For all correspondence regarding Change of Address, Death
Notices, Donations, Help Looking For, Membership, Memorials, contact Edgar J.
For all correspondence regarding Financial Matters, contact
Allen C. Wiesner:email@example.com.
For all correspondence regarding the 32D ‘Red
Arrow’ News (Newsletter), contact Neil R. Sorenson: firstname.lastname@example.org.
The Official Historian of the 32D ‘Red Arrow’ Veteran
Association is Kenneth Wiesner: email@example.com.
I have no idea what resources
he possesses or has access to; he has not shared any historical information for
inclusion on these web pages.All of the
historical information on these web pages was compiled by me, theweb
Frequently Asked Question
1.How can I learn
more about my relative’s service with the 32D ‘Red Arrow’ Infantry
Division during WWI or WWII?
with the state historical society and the state veteran museum where he lived
before or after the war, they may have some records about him or his unit.
with the local historical society where he lived when he entered the
military.Many communities kept pretty good
information about local Soldiers during wartime.Some communities compiled this information
and published books detailing local Veterans’ experiences.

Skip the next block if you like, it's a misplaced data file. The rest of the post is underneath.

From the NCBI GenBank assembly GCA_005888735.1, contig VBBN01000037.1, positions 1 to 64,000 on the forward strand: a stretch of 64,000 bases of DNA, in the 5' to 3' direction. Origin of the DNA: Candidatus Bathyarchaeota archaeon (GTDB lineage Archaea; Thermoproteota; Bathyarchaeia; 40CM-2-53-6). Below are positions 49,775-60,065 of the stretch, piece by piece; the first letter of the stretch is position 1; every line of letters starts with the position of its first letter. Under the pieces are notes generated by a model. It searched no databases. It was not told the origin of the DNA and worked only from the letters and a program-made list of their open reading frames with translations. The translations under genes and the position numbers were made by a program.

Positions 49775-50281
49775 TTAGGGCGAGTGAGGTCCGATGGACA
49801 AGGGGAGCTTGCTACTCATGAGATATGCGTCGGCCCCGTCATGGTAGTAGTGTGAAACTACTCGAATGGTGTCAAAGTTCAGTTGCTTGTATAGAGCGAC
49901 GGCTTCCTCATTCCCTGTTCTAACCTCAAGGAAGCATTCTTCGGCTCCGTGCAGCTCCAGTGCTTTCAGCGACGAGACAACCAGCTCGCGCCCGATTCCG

with the local VA office where he lived after he returned from the war.If he applied for any of the VA benefits that
he earned, then they should have a file on him, which would contain some
information about his military service.If he did not survive the war but had dependents, you can still try this
because his dependents may have been able to use some of the benefits he
courthouse where he lived after the war may also be a resource.Today in the military we are encouraged to
file our separation documents at our local courthouse, that way there will
always be a certified copy of these important documents if we lose our personal
copy.I do not know how far back this
practice started, but it is worth a try.During WWII the separation document was usually “WD AGO FORM
53-55”.I do not think there was a
specific form for this during WWI, because my great-grandfather’s separation
document was a simple, half page memorandum.
through the old, local newspapers where he lived when he entered the
military.Local Soldiers often made the
local paper, more often in small towns, but sometimes in large cities as
well.This can be time consuming, yet
very rewarding.If you do not live in
the same community he lived in at that time, you can obtain copies of these
newspapers on microfilm through an interlibrary loan at your local
library.Plus, everyday more and more
newspaper archives can be found on the internet.
belonged to the VFW, American Legion, or some other Veteran’s organization,
then it is possible that someone at the local post might have known him and
might be able to provide some useful information.Some posts maintain detailed information
about their current and past members, some posts do not.
with family, even distant relatives.Some relative might have letters, mementos, records, or other pertinent
information your Veteran sent home during the war.Some relative may also have a scrap book of
newspaper clippings or other mementos.
Tom Bruss, the 32D ‘Red Arrow’ Veteran Association web site